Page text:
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I grew up in a very "white-bread" town. Most people in the community were middle-class white-collar workers, it was culturally, racially, and largely economically homogenized. In my public school, there were a handful of Latinos, half a handful of Asians and three black students during my tenure. The university I went to for my bachelor's degree wasn't much more diverse. So when I started traveling the world, it was kind of a scary place sometimes. When I -- or my husband and I, or a small group of research volunteers and I -- were the only white people in an area for days or weeks at a time, it was very weird to me, and I must admit, it caused me some anxiety, particularly when I also didn't speak the language.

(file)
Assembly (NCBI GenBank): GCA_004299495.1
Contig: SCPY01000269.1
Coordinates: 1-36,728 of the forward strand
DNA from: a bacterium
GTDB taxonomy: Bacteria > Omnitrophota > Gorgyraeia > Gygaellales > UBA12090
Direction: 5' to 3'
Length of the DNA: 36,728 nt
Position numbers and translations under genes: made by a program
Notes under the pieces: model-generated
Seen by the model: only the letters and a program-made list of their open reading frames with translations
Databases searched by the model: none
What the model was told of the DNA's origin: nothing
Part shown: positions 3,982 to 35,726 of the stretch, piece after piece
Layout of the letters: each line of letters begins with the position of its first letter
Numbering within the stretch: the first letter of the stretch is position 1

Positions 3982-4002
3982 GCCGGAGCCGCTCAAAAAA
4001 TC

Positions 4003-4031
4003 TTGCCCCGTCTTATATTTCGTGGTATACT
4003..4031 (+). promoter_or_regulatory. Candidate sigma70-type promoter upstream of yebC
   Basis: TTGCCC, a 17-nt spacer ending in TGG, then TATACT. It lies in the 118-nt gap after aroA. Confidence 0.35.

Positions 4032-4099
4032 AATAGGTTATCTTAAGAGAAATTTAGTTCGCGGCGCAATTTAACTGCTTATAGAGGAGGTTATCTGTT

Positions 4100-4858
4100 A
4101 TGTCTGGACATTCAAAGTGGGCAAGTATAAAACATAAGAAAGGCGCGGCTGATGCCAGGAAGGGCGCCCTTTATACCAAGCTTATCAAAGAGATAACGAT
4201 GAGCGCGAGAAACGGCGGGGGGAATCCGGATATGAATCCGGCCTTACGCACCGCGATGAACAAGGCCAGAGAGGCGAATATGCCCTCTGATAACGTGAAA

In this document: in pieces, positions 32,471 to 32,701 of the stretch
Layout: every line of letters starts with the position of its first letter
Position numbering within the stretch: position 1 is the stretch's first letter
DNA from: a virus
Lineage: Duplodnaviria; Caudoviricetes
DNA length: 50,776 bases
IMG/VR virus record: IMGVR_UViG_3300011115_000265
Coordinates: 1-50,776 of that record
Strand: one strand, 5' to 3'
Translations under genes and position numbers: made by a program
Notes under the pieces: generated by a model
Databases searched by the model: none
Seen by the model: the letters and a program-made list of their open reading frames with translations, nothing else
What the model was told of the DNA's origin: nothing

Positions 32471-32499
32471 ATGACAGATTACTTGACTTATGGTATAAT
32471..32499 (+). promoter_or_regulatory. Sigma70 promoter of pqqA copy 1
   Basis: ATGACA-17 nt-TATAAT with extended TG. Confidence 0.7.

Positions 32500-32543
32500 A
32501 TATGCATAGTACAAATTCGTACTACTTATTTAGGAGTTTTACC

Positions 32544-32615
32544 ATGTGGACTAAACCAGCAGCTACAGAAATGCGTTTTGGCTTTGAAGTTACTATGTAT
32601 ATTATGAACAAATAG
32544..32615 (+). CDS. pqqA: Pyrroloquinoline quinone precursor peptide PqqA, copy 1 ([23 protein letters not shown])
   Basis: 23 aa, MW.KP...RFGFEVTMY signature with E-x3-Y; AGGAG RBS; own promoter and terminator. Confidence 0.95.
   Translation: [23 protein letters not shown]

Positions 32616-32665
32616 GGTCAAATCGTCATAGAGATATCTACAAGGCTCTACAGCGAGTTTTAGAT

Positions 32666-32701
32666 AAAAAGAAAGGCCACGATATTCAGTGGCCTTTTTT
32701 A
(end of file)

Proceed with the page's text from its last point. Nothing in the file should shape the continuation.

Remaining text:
My first immersive experience was with a volunteer research team in a small fishing village in Brazil. This wasn't a place for tourists. But at least I had several other Americans with me on this team, so I always had a familiar companion venturing through a very impoverished village -- something I'd never seen before -- surrounded by people who wanted to talk with us, drink with us and dance with us, but whose language we didn't speak. With the help of translators, we sat with people inside their homes -- which ranged from tidy brick houses to wooden shacks on stilts with gaping holes in the floor -- and conducted extensive, 100-question interviews about how their trust in their community and country was changing with the dramatically increasing presence of televisions in private homes (this was back in 2000). I spent two weeks there, and I evolved dramatically from feeling apprehensive around the people in this completely foreign atmosphere to feeling a sense of camaraderie.